Choksi, now a regular name in the Frieze line up, concerns herself with the search for various forms of absences. She approaches and represents this absence by appealing to the presence of forms. In Houseplant and Sun Quotation, Choksi correlated the mechanized process of photography to the living process of the plant, both processes necessitated by the presence of light. She placed plants near paper that has been photo chemically treated with palladium salts, so as to expose the non-shadow part of the paper. The resultant effect was that the absence of the plant on the palladium paper was represented through a negative presence of the shadow form. The Burst series featured two ceramic sculptural forms or anti forms, if you will, that adopted absence and suspension in order to initiate her ideas of solitariness and expiry.

Forthcoming Titles, 2012, Raqs Media Collective. Image Credit:

Forthcoming Titles, 2012, Raqs Media Collective. Image Credit:

In Forthcoming Titles through referential comparison between influential authors in the canon of Marxism, Raqs Media Collective’s carefully displayed wall mounted library managed to resonate a faux seriousness only to be broken by the anagrammed names of the authors. Rosa Luxemburg, a Marxist revolutionary and a figure who has actively influenced Raqs own collective consciousness, became Luxme Sorabgur.

Sarnath Banerjee’s new series of drawings was replete with the caricatural humour that Banerjee is synonymous with. He made light of contemporary Indian society through symbolic representations and diagrammatic visual depictions.

Trotskyites Anonymous, 2013, Sarnath Banerjee. Image Credit:

Trotskyites Anonymous, 2013, Sarnath Banerjee. Image Credit:

Rohini Devasher’s paper work involved prints of satellite images of the Indian Astronomical Observatory and the surrounding landscape at Hanle, Ladakh, superimposed with drawings. Her project was an investigation of these mythic terrains where fiction blurs the boundaries of what is real and imagined. It was a process of converting the familiarity of geography into one of strange hybridization. The other artists on display at Project 88 were Somnath Hore and the Otolith Group with their newest video essay People to be Resembling.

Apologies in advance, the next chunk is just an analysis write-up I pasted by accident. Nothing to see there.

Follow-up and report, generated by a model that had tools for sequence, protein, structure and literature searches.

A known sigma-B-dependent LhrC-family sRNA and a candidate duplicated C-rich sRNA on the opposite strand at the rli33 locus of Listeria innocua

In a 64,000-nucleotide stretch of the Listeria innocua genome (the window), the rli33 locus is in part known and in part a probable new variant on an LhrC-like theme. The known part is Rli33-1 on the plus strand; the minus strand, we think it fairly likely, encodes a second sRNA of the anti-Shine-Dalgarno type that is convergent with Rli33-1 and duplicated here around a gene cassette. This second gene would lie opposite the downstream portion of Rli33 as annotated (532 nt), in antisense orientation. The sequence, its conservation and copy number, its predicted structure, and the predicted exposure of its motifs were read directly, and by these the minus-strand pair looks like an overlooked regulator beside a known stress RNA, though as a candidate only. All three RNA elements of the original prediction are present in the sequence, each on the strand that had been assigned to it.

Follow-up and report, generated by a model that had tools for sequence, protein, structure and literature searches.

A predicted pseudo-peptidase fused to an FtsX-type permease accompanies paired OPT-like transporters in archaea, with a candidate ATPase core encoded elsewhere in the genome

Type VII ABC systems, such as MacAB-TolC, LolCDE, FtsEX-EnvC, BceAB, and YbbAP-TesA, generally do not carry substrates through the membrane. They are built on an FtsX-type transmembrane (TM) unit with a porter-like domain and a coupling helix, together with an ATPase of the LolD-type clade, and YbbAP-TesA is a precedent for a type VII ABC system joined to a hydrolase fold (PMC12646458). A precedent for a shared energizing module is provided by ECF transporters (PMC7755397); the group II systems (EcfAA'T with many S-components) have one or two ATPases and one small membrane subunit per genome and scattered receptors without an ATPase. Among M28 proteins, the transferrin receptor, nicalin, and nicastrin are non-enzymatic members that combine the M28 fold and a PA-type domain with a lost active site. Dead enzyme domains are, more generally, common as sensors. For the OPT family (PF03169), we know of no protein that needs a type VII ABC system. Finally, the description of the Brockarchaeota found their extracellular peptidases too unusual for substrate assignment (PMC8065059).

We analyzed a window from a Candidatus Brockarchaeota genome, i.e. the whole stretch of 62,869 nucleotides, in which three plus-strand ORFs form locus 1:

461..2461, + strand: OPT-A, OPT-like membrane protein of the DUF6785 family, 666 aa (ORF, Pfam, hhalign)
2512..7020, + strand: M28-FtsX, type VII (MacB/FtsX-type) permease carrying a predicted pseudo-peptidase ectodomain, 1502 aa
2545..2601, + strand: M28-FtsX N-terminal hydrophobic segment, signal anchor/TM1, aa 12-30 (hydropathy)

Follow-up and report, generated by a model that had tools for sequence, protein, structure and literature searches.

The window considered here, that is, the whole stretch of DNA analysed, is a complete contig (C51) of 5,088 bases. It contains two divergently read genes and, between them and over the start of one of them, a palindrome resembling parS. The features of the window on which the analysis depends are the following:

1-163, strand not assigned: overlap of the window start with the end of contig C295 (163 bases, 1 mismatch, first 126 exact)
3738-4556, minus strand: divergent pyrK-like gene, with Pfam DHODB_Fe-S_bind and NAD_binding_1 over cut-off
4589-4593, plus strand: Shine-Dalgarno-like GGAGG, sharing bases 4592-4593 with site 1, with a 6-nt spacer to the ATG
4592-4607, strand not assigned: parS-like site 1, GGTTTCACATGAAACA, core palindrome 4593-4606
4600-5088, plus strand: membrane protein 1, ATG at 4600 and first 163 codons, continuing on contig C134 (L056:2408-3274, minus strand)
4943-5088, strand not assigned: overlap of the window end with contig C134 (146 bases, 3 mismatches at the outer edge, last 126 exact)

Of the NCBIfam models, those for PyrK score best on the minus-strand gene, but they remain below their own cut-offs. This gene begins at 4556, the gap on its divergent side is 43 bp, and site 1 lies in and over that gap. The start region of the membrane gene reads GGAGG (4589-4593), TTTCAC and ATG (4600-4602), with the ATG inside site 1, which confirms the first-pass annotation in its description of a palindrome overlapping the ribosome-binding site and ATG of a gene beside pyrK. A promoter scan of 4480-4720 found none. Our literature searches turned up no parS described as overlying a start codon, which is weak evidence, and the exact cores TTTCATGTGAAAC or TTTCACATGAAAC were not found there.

Dubai based Grey Noise featured the works of Pakistani artist Mehreen Murtaza. Murtaza’s stylistic visual narrative consists of an amalgam of Sufi cultural imagery along with the futurism of science fiction. This odd juxtaposition enables science to question and reexamine religion, myth and superstition. While adopting the critical point of view of Western rationalism, Murtaza does not stray away from the Islamic historical heritage and thus her work operates in a realm where mystical ideas of spirituality synchronize with scientific theories.

Solstice, 2013, Mehreen Murtaza. Image Credit:

Solstice, 2013, Mehreen Murtaza. Image Credit:

In Transmission From A Missing Satellite, Murtaza payed homage to Dr Abdus Salam, a Pakistani theoretical physicist, who went on to win the Nobel Prize in Physics in 1979. Though Salam’s contribution to the field of science was remarkable, the memory of the man is tainted by prejudice due to his minority Ahmadi background. The work presented an assemblage of clues such as loose letters, telegrams and even a floating stone reminiscent of the Floating Stone of Jerusalem at the Dome of Rock. Through these artifacts Murtaza used artistic approaches to visualize the adventures in quantum immortality.

I was you, 2013, Aisha Khalid. Image Credit:

I was you, 2013, Aisha Khalid. Image Credit:

The other South Asian artists on display were Imran Qureshi and Aisha Khalid at the London based gallery Corvi Mora. Dayanita Singh also displayed her work at Frith Street Gallery. Singh also has a solo show Go Away Closer on display at the Haywards Gallery, Southbank Center till the 15th of December 2013.

In the other side of the park at Frieze Masters, the environment was quieter and less frenetic than it is in Frieze Art Fair. Whilst the older contemporary fair attracted a fair share of curious onlookers who come to marvel at the trends in contemporary art, Frieze Masters took on a more discerning vibe. The lighting was softer, public area was carpeted and the artworks were more traditional.

Untitled (Landscape), 1965, F. N. Souza. Image Credit:

Untitled (Landscape), 1965, F. N. Souza. Image Credit:

Grosvenor Gallery’s debut at the Frieze Masters featured a selection of Black on Black Paintings by Francis Newton Souza. This appearance at Frieze coincided with their current exhibition, F.N Souza: Black on Black Paintings on view till 28th October. The exhibition follow the legacy of Souza’s 1966 show Black Art and Other Paintings at Grosvenor Gallery where he presented a series of monochromatic works rendered in thick black impasto oil. Even though the inspiration for Souza’s stylistic turn toward such a dark somber palette is disputed, these works bear reflection to Souza’s state of mind in the 60s.